Let’s dive into each sales stage and see how you can start managing your pipeline more effectively with a clearly outlined sales cycle.
1. Sales Prospecting to generate new leads
There are several prospecting and lead generation tactics you can use to build up a database of prospects. Whether you’re networking or cold calling, landing high-quality leads is the aim.
In-person networking at events, while time-consuming, is a great way to find new leads. In one survey, marketers said that events were the most effective marketing channel. It’s easier for reps to find out if a prospect is a good fit by talking to them in person. It’s also a valuable opportunity to form in-person connections in what has become a digital world. Outreach activities like cold calling or cold emailing should also be top of the list, as these are tried and true tactics for any sales cycle.
Sales teams can utilize lead generation tools to make prospecting easier. Leadfeeder, for example, generates leads from website traffic. The tool provides reps with a list of companies whose employees have visited their website. The data is broken down into:
Company size by number of employees
City and country
Use this data to get more intentional prospects and further optimize your sales cycle.
Using LinkedIn, sales reps can search for leads based on criteria like job role and company size.
Reps can also use Smart Contact Data to gain valuable insights into your contacts. It automatically retrieves web-data about your leads from sites like Google+ or LinkedIn that you can use to personalize your conversations.
There are also plenty of tools to use during the prospecting stage of your sales cycle. Our smart conversational Chatbot, part of the Leadbooster add-on, goes a step further and engages in conversations with leads the moment they land on your website. It asks potential leads simple questions and intuitively responds based on their answers. For example, if a lead asks to learn more about a product, Chatbot can instantly send a link to a promotional video or provide more detailed product documentation.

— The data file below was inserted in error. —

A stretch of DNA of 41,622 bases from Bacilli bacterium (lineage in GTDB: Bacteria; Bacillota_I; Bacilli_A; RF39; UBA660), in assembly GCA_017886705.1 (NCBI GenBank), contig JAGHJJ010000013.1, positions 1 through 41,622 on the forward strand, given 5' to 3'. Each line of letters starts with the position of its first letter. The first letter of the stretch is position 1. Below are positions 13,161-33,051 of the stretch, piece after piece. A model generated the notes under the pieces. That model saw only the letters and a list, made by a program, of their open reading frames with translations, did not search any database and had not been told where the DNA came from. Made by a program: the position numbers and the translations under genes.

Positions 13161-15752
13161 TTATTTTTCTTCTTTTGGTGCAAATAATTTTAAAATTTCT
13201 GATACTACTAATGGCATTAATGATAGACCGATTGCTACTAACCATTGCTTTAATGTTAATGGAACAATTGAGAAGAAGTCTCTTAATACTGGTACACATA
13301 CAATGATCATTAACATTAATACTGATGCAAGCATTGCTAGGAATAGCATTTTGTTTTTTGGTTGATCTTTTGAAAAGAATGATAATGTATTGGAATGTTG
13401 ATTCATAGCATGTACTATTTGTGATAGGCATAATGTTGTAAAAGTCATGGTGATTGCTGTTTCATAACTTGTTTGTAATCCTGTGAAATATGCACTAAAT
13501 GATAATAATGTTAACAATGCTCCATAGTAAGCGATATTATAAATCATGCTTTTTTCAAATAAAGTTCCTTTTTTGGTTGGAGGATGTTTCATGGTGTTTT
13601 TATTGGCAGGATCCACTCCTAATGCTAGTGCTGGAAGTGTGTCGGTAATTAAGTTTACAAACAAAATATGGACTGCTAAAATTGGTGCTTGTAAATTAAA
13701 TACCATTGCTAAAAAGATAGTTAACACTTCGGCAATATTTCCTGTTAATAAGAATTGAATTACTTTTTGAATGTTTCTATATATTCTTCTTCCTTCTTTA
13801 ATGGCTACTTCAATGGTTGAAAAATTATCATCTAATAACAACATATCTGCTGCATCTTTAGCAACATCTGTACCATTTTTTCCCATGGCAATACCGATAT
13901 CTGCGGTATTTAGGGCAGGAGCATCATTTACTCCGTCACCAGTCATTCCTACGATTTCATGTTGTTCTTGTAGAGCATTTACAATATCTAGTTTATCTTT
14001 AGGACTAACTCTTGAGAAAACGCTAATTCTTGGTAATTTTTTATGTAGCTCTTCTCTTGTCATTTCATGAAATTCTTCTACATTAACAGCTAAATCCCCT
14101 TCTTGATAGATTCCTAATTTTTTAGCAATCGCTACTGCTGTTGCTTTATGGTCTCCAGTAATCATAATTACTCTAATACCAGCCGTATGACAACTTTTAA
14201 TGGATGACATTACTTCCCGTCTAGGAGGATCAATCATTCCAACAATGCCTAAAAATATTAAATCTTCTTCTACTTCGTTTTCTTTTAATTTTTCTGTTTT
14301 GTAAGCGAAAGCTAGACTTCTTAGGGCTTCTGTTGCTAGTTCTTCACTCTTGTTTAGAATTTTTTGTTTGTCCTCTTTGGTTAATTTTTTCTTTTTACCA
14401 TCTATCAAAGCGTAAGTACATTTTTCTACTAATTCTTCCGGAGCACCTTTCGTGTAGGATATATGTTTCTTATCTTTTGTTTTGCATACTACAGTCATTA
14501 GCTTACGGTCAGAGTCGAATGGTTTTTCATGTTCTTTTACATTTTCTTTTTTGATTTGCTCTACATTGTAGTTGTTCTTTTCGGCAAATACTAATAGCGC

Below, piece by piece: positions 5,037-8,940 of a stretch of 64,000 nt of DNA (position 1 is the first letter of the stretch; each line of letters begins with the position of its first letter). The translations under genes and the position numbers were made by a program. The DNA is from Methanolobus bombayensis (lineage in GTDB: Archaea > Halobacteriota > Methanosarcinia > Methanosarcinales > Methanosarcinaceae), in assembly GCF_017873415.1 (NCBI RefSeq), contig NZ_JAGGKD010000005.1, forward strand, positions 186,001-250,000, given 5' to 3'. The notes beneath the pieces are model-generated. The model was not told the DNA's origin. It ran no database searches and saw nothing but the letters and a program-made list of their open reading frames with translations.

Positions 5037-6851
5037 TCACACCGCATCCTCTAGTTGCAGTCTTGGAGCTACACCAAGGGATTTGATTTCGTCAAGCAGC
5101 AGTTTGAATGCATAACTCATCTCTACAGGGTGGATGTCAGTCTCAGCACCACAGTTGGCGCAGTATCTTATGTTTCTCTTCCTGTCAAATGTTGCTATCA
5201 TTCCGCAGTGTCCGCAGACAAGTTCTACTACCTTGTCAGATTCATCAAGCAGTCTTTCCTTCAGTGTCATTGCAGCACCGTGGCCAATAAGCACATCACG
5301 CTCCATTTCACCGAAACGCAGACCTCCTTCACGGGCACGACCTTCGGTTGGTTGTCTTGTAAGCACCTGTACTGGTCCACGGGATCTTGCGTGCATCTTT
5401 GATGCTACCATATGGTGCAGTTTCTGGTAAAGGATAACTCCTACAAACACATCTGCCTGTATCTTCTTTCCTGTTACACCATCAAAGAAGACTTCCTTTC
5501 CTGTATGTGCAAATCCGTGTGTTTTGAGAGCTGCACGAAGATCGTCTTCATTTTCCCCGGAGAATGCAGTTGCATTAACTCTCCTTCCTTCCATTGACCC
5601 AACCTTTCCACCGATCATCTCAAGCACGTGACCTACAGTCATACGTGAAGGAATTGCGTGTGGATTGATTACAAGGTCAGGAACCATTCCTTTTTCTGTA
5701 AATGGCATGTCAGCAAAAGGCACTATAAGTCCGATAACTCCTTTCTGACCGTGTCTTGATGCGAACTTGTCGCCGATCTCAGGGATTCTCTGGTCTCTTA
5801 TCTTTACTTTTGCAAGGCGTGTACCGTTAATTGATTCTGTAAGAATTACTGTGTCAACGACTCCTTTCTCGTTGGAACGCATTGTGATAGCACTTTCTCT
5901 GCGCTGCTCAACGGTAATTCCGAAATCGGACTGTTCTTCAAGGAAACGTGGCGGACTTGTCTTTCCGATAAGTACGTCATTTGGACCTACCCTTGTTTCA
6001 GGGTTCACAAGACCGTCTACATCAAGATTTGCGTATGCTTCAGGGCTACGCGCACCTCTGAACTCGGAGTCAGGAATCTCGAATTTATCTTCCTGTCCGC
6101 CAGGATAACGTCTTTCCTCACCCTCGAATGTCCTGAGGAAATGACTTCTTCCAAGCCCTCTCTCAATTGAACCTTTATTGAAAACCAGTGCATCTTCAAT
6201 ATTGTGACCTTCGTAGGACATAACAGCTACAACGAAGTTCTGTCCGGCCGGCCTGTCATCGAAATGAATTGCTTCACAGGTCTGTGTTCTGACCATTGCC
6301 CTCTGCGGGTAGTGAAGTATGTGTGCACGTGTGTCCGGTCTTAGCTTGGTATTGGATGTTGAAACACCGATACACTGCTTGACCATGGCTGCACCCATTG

Additionally, Chatbot integrates automatically with Pipedrive’s scheduling tool to set up meetings on your rep’s behalf, making sales cycle management easier for you and your team. Your reps can leave the office at night and wake up the following morning to a new meeting with a hot lead—without even lifting a finger.
Another tool, Hunter, finds email addresses by automatically searching to see if any email addresses are associated with the domain name you are searching for. If successful, it will then narrow the results down based on job roles at the company. This can be supremely helpful if you’re attempting to contact somebody based on a website visit but are struggling to find their email address through traditional search methods.
Having all of this information automatically on hand enables sales reps to qualify high-quality leads far more easily.
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2. Qualifying new leads
Once you’ve generated leads, the next stage in the sales pipeline is qualifying them.
Qualified leads should fit your target market criteria, have a need for your product and be able and motivated to buy.
Let’s break down why qualifying every lead is synonymous with an effective cycle:
It saves time: Understanding how interested a lead is saves valuable time. If you can tag leads as “hot” and “cold,” you’ll know better where to focus your energy. A cold lead will need more nurturing and thus take longer to close, while hot leads are generally more easily converted into deals.
It stops your sales team from getting overwhelmed: Qualifying new leads makes it easier to follow up efficiently.
It arms you with useful data: It gives you more information on how to approach a lead in a way that makes it more likely they’ll convert. Rather than spending valuable time on poorly qualified leads, focus on profitable ones that are more serious and able to buy your product.
Leads turn into prospects as they go through the qualification process. The main difference between a lead and a sales prospect is the level of interest they show in your product or service. If leads demonstrate that they’re genuinely keen on buying your product, and/or are engaging consistently with your sales reps to learn more about your offerings, they move lower down the funnel and become prospects.